Q. What Is a Reverse Shoulder Replacement?
A reverse shoulder replacement is a procedure where the shoulder’s geometry is reversed, which is where the name comes from. The humeral head, or the ball of the shoulder, becomes the socket. And the socket, or the glenoid, becomes the ball.
The prosthesis design allows us to restore the function of the shoulder and eliminate pain.
Typically, a reverse shoulder replacement is used with patients who have irreparable rotator cuff tears and certain types of arthritis within the shoulder
The advantage of a reverse shoulder replacement in these instances is that it allows surgeons to address many challenging issues in the shoulder with a single procedure.
The reverse shoulder is a very reliable procedure that’s been around the United States since 2004 when the FDA first approved it.
We’re starting to get a lot of the long-term data back on the reverse shoulder prosthesis, and the results are very encouraging, both from a functional standpoint and a pain relief standpoint.
As the reverse has become more widely used, the indications for the procedure have started to expand. Many surgeons are beginning to use this device and procedure to address other problems in the shoulder that have been pretty challenging to treat in the past. These clinical scenarios include irreparable rotator cuff tears, rotator cuff tear arthropathy, certain types of proximal humerus fractures, challenging deformities secondary to arthritis, and for revision type scenarios in patients who have previously undergone hemiarthroplasty or total shoulder arthroplasty.
Q. What Does a Reverse Shoulder Replacement Look Like?
A reverse shoulder consists of components that are placed inside of the humerus, as well as onto the glenoid, which is attached to the shoulder blade.
A stem goes down the humeral canal, and it allows us to attach a polyethylene bearing to the humerus.
Polyethylene is a common substance used in orthopedics for joint arthroplasty in all parts of the body, including hips, knees, ankles, and shoulders. This allows for a nice, smooth bearing surface.
On the socket side, we have a base plate that has screw holes in the periphery. This allows us to get solid fixation into the scapula.
Then we attach a large sphere that allows for articulation with the dish that’s attached to the humerus.
When all of those things combined, you have your overall construct of a reverse shoulder.
The components come in different sizes, geometries, and configurations, to ensure the proper fit for each individual.
By and large, the main concept is having the geometry there so that the ball has now become the socket, and the socket has now become the ball.
Q. How Long Is the Recovery From a Reverse Shoulder Replacement?
In general terms, the recovery from a reverse is about three months.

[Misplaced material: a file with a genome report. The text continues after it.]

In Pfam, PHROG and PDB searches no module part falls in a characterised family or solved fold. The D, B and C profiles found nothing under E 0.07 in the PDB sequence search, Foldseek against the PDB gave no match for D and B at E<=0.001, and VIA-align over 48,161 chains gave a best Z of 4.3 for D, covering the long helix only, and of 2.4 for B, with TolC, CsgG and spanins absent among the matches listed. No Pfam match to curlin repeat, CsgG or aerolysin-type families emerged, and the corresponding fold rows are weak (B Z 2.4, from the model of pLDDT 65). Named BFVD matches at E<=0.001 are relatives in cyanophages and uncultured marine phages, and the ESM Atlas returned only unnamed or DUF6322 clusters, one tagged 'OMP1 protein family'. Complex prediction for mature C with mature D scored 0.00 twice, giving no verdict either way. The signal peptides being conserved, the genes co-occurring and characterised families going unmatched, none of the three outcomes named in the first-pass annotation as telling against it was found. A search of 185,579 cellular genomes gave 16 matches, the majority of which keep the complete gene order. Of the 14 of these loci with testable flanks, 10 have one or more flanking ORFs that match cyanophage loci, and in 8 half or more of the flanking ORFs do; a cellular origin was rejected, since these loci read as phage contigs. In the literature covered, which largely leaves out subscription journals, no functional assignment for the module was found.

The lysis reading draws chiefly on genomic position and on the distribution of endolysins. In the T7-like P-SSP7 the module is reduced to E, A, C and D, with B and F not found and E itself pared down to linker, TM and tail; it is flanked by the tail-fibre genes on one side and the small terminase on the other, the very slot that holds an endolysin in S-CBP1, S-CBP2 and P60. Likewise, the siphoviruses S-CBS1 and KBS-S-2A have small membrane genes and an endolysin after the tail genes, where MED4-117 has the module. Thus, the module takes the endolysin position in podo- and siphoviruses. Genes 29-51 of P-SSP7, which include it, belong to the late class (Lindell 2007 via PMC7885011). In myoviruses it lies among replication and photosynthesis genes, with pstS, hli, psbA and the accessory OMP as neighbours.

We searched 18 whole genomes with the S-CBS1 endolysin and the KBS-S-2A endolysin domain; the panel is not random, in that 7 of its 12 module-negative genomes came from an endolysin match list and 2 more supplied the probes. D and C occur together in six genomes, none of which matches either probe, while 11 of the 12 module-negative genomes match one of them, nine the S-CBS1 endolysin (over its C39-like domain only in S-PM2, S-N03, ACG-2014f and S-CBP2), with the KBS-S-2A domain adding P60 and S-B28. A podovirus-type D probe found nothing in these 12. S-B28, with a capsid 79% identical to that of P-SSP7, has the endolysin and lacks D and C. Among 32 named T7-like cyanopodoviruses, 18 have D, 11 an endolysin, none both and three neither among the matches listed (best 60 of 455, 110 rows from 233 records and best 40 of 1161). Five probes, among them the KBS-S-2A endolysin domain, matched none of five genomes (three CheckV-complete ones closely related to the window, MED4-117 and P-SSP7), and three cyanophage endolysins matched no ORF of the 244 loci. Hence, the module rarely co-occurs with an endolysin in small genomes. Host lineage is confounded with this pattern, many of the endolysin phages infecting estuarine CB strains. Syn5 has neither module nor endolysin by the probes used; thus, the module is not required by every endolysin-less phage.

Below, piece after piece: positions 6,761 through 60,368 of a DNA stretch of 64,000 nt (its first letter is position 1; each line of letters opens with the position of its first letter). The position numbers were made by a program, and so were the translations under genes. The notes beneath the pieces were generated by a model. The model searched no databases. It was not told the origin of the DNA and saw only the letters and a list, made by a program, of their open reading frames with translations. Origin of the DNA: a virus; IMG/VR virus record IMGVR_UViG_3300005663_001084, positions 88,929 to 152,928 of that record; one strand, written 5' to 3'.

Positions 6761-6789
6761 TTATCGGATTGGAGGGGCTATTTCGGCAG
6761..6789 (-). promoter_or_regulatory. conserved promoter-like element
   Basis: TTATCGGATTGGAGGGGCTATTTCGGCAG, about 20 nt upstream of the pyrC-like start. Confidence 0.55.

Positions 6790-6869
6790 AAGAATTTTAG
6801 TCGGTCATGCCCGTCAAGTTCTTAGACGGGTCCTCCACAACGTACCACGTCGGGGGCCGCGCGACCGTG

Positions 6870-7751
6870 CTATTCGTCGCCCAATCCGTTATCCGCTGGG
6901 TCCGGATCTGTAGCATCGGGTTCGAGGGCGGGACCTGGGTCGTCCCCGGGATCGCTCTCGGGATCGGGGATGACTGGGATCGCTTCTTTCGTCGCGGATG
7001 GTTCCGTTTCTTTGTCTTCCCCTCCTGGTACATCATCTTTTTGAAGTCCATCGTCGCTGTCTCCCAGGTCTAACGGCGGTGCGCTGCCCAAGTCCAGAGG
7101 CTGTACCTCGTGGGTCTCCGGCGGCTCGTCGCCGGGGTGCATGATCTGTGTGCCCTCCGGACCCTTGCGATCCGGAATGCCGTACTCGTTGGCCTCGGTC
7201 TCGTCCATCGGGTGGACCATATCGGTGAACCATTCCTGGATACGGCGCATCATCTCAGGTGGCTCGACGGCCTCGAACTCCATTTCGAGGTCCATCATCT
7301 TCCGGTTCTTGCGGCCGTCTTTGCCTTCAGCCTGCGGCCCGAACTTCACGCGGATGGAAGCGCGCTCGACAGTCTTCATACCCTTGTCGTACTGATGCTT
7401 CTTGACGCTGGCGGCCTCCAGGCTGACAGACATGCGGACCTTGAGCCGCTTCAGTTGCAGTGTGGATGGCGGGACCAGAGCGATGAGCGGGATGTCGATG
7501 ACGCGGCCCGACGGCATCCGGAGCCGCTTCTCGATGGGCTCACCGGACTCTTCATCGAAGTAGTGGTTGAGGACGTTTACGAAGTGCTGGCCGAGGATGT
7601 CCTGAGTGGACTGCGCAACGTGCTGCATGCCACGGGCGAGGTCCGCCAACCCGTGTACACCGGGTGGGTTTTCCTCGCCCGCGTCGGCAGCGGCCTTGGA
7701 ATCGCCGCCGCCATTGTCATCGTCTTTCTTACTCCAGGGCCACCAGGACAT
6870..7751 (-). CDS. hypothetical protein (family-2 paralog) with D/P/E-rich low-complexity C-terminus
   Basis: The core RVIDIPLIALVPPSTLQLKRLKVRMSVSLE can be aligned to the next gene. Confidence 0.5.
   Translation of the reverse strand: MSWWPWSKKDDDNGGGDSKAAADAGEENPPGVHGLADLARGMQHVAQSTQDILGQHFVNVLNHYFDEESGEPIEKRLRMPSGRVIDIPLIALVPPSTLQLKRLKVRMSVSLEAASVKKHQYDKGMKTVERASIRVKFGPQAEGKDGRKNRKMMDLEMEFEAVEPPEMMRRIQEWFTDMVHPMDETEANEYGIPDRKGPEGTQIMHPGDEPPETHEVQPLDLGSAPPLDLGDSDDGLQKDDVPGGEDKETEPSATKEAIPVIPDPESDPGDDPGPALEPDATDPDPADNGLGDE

The first six weeks after a reverse shoulder is usually the toughest for patients, because it requires some early immobilization utilizing a sling.
We do start therapy early on to work on range of motion, but you’re still limited in terms of what activities you can perform and the overall pain.
As you get further out from surgery and the pain begins to decrease, and your motion begins to improve, we can allow for some slow advancement of regular activities.
But in general, by about three months, most people are feeling pretty comfortable. They’re resuming a lot of their normal activities of daily living.
I even have a few patients who will get back into some recreational sporting activities such as golfing, hiking, cycling, or swimming.
I always tell my patients that because of scar tissue and the body’s ability to heal, you can make continuous improvements for up to almost one year post-op. The majority of the healing and recovery occur in that first three months, but you can make some subtle improvements or advancements over time.
Q. How Long Does Pain Last After Reverse Shoulder Replacement?
We typically see with a reverse shoulder replacement, as with other shoulder surgeries, that the first few weeks are the most painful. Then, the pain slowly subsides and is more manageable from day-to-day.
By six weeks, most people are feeling much more comfortable.
Physical therapy tends to be an aggravating factor for pain in the recovery period. It’s not uncommon for patients to have pretty good pain relief, and when they go to therapy and do all their exercises, it can cause their shoulder to hurt. This is normal.
So that cycle of that on-again, off-again pain can last for a few months after surgery. But the majority of people are pretty comfortable and not really needing any pain medicine after about six weeks.
The reverse tends to have the quickest bounce-back in terms of regaining range of motion and feeling better.